Rick Remender and John Romita Jr. throw ‘CAPTAIN AMERICA’ into the depression.
Rick Remender and John Romita Jr. have the less than enviable task of following up Ed Brubaker’s stellar run on Captain America for Marvel Now! Brubaker brought a decade of pure rock, dropping outstanding storylines and doing the unthinkable. He brought Bucky back and it was awesome. How do the two considerable talents follow up on such a run? By going in a different direction.
Talking to iFanboy about the new Captain America series, Remender said that it was “obviously an honor” and “terrifying” to take on the creative reins of Cap after Ed Brubaker’s near-decade run with the character. Describing the task as “a hell of a challenge,” he explained the approach he was planning to take:
In the tone of the thing, I decided to try and draw from the [Jack] Kirby era of Cap where characters like Arnim Zola were created in the mad bomb stuff. All of these giant huge ideas, and a bit of sci-fi leaning as I am wont to do, that seemed perfect to me. To sort of emulate, as much as I could in my own voice, that era of Cap. So that’s sort of where we’re going. Seeing Johnny [Romita Jr.] do that stuff, there’s nobody who could do Kirby and still be himself like Johnny. It turns into this, it’s like Man Without Fear mixed with all of the mad bomb Zola Kirby stuff.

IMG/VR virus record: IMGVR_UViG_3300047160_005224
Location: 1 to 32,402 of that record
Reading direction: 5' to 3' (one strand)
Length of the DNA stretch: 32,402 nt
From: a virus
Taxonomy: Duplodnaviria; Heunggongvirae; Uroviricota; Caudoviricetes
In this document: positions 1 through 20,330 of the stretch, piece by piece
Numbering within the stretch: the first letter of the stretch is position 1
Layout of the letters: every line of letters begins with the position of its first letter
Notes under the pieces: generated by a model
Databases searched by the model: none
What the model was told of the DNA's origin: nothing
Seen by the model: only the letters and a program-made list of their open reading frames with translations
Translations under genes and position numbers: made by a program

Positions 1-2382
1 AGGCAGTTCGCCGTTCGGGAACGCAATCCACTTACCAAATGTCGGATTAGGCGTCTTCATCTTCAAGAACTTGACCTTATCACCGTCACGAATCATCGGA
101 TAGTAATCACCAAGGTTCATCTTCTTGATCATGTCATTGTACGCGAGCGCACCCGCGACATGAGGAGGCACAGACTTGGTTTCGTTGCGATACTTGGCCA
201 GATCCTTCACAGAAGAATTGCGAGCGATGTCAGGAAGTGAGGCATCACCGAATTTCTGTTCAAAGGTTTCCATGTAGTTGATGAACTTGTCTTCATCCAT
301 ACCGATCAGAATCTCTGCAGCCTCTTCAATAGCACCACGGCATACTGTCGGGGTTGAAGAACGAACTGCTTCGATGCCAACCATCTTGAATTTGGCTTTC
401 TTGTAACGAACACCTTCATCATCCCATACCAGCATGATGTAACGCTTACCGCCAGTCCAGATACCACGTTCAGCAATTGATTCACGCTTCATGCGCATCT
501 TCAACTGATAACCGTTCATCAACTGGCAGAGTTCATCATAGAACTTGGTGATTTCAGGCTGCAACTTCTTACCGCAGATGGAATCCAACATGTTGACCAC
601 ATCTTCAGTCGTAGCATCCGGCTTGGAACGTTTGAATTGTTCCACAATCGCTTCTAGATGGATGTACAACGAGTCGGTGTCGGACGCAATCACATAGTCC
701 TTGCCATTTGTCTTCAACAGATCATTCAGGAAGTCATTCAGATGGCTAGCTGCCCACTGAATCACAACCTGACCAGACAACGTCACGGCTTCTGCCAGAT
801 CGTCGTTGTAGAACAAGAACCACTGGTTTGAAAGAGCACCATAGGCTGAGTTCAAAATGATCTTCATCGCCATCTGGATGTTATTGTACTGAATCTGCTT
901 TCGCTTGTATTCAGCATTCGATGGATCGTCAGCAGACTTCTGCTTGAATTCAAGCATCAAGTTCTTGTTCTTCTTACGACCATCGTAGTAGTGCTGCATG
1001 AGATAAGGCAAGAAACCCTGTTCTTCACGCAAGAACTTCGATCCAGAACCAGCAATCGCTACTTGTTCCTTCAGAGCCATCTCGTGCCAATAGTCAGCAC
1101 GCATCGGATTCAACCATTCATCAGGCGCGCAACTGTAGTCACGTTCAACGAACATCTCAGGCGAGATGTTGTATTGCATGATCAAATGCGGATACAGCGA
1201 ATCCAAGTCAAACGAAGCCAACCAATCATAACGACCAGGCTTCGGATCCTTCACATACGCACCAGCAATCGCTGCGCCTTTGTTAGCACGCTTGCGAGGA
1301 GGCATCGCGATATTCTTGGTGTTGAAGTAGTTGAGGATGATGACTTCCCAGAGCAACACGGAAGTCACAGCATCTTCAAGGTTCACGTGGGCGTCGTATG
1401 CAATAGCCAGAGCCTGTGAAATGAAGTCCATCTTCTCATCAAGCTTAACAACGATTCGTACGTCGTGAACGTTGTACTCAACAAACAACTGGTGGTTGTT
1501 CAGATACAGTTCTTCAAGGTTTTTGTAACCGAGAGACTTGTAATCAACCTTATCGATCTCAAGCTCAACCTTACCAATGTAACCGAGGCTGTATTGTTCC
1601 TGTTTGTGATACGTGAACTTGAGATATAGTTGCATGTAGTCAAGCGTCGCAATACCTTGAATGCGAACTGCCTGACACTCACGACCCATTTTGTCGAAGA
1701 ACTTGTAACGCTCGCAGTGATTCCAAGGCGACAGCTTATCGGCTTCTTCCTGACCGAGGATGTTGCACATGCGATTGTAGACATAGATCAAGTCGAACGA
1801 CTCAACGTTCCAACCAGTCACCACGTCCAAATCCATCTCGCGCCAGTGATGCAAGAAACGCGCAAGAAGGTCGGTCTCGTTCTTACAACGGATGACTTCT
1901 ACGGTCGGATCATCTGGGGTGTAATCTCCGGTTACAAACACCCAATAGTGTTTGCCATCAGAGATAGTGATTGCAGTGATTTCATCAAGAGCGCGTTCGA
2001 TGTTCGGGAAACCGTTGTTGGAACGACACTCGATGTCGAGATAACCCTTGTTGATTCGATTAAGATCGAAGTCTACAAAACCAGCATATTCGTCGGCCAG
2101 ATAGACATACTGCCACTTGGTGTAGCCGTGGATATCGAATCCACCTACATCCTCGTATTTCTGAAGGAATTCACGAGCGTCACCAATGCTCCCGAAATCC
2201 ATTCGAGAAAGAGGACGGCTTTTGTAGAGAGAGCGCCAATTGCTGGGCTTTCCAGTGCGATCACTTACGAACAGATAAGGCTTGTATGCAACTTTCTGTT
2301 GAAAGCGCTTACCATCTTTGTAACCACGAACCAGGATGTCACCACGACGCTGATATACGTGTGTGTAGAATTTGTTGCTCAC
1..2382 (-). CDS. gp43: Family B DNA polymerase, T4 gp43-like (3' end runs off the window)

As well as shifting away from the more-grounded feeling that the character has enjoyed in recent years, Remender will be breaking with another Brubaker (and Cap!) tradition that may surprise a lot of people:
One of the mandates I have to myself is, I don’t want to touch the World War II stuff. I think that that has been done, now, and it’s been done perfectly. To go back and to keep focusing on Cap in World War II at this point, again, would be following too closely to what Ed has already done. What I’m doing is spending a lot of time in the Lower East Side of Manhattan in the 20s and 30s, showing Steve grow up [including] a lot of flashbacks to a young Steve Rogers growing up in Depression-era Lower East Side, and getting to know his family and his friends, and how this 98-pound weakling became such a tenacious, strong person; focus on the fiber and the integrity of who he is, and really develop that for the first time.
I’m not a huge fan of Romita Jr., but I have to respect the guy. It’s a style disagreement. However, I willing to give him a shot when he is paired with Remender. What say you folks?